Off the Record: Interview with Joel Leshefka of Cairo Records

Aimee Butterworth and Joel Leshefka co-run local Seattle art space Cairo, located on Capitol Hill. With a focus on live music, vintage, silkscreening, and visual art, it seemed only natural for Cairo’s eclectic brand to branch into music production. Since the inception its record label, Cairo Records has released numerous compilations, 7 inches, and LPs, while simultaneously hosting weekly music shows and seasonal music festivals.

I recently interviewed Joel on what it’s like to co-run Seattle’s “tiniest empire”, and what makes Seattle the perfect nest in which to hatch a small independent record label. As a native Pacific Northwesterner, Joel has an inherent understanding of the independent arts scene that he is immersed in: “Those of us trying to create and build now have the benefit of this network that has always existed in Seattle, and continues to grow.  When I was a kid, it was clubs like The Velvet Elvis, and The Showoff Gallery, labels like C/Z, Esturus, SubPop, K Records, Kill Rock Stars, and record stores like Fallout and Orpheum.  They built what universities like to call “Institutional Memory”, and whether we know it or not, a lot of us are learning and growing from their legacies.”

Many thanks to Joel for the words. Continue below to see the full interview.


photo by Krysta Jabczenski


What was the impetus for starting Cairo records?

The label started like many things start at Cairo, in that there was a perceived gap that seemed appropriate for Cairo to help fill.  We had been hosting shows from the days of being a “gallery only” space, and a few people including Robin Stein, had approached us about parlaying some of the energy and positive vibes being manifested as a music space, into a record label.  With Robin on board, Aimee (Butterworth, co-owner of Cairo) and I felt like it was a good fit.  Cairo has always existed to help promote new and interesting artists of all genres within Seattle, with the hope that such a platform will assist in propelling those artists more regionally, and even nationally.

What is your production/distribution process?

We’ve focused on the northwest thus far for distribution…most of the bands we work with haven’t even done a full US tour, so the idea of trying to push this stuff nationally is a little difficult at this point.  The goal is to continue to release strong compelling music, working with like-minded bands in an effort to increase the potential of spreading and growing what we believe to be the “Seattle sound” further and further into the ether.  To do this is a symbiotic relationship, it takes effort, and time to grow something that can truly last.  When we first started, I think we wanted everything to happen right away, but lately it’s been really satisfying to understand it as an organic process, and one that starts from the same small solid 900 square foot home base that is Cairo, and grows as the artists and individuals grow around and with it.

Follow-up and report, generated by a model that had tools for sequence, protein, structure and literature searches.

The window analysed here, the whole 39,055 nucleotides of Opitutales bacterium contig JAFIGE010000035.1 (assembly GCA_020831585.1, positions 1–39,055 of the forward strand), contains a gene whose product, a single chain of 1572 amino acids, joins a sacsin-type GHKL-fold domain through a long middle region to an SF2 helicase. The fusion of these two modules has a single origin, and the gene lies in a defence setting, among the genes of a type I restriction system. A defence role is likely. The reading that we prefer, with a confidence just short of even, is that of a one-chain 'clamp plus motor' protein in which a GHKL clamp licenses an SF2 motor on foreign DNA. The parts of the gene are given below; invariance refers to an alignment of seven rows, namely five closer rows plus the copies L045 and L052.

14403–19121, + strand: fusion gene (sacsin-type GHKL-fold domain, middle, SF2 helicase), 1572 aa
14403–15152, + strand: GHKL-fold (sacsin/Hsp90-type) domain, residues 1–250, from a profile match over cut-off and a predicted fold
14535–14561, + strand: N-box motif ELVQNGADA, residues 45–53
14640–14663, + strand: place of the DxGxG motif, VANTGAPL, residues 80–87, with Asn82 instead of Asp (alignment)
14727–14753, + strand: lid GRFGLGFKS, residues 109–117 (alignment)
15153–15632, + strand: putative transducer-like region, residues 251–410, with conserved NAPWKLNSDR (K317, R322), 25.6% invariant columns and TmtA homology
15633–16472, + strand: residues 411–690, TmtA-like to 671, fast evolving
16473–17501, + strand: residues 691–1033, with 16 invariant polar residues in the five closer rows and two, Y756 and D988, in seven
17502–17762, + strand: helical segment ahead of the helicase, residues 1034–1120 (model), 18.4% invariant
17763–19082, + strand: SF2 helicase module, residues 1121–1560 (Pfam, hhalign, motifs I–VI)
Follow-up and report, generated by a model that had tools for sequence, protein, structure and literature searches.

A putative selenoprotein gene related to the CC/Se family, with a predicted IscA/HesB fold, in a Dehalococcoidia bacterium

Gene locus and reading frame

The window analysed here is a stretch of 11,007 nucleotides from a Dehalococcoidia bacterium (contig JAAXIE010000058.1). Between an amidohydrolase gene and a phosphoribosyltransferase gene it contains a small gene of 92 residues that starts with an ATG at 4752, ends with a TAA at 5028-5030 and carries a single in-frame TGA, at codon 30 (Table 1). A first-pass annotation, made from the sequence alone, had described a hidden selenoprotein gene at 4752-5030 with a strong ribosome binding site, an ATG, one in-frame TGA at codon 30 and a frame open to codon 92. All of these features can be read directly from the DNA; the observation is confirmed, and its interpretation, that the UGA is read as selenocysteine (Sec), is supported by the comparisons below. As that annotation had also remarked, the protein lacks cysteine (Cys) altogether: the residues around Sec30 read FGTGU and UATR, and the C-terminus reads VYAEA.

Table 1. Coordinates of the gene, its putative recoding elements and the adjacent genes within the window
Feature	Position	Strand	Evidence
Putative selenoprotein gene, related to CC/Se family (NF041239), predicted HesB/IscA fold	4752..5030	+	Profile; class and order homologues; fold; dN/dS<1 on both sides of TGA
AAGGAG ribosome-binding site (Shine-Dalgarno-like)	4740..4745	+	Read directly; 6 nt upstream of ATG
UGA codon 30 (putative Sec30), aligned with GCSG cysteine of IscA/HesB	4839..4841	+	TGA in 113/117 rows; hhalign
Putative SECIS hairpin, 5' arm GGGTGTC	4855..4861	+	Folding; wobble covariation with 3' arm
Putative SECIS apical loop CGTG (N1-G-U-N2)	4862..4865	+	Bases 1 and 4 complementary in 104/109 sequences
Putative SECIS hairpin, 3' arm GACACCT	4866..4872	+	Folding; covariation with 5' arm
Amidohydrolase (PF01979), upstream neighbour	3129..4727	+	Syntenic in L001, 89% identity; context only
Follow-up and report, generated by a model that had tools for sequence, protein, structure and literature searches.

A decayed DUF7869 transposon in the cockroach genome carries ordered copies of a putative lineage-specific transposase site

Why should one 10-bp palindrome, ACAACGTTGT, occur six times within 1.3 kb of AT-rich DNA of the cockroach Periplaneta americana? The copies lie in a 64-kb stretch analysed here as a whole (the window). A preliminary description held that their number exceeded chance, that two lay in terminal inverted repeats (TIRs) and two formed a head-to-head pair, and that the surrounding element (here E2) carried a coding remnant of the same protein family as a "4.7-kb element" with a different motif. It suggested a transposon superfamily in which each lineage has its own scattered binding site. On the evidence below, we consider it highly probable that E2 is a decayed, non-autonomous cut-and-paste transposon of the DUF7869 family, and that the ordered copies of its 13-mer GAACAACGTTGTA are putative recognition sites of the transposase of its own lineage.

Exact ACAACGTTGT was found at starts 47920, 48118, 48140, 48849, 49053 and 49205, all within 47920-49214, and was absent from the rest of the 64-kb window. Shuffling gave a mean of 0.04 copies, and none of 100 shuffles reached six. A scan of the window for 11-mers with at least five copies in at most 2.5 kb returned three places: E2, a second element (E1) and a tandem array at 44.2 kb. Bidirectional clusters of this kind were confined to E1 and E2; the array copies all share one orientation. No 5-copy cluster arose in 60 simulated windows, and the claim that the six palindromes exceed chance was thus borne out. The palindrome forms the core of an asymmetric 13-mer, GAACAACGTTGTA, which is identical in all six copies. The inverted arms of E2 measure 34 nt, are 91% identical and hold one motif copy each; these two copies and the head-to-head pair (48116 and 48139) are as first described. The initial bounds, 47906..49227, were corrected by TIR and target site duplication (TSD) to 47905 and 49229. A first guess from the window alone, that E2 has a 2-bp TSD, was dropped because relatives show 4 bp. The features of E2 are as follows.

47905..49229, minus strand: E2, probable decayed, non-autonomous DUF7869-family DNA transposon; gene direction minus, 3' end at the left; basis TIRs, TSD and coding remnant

What makes this record label specifically “northwest”?

We really believe the northwest isn’t as known as it should be for creating interesting, slightly more experimental sounds.  So much good happens here, and much of it goes un-noticed by the national press.  I’m always quite amazed and perplexed by what ends up being touted on the big national music blogs from the northwest.  Not that those bands and artists showcased are not worthy, quite the opposite, but that so many artists and musicians are missed in that process.  Part of that comes from being geographically isolated, but part of that is I think the nature of the “northwest”.  We are a DIY type of scene, always have been.  I think Cairo follows in the footsteps of some incredible models for northwest labels; we are just doing whatever we want, and not worrying about whether it’s “the right thing to do”. But we are still hoping that people are paying attention to what we are curating, and find the same satisfaction and pride in what gets created in this infernally dark and dank place.  To do so does feel very “northwest” to me; it’s almost in the absence of national attention that truly incredible and unique art can be created.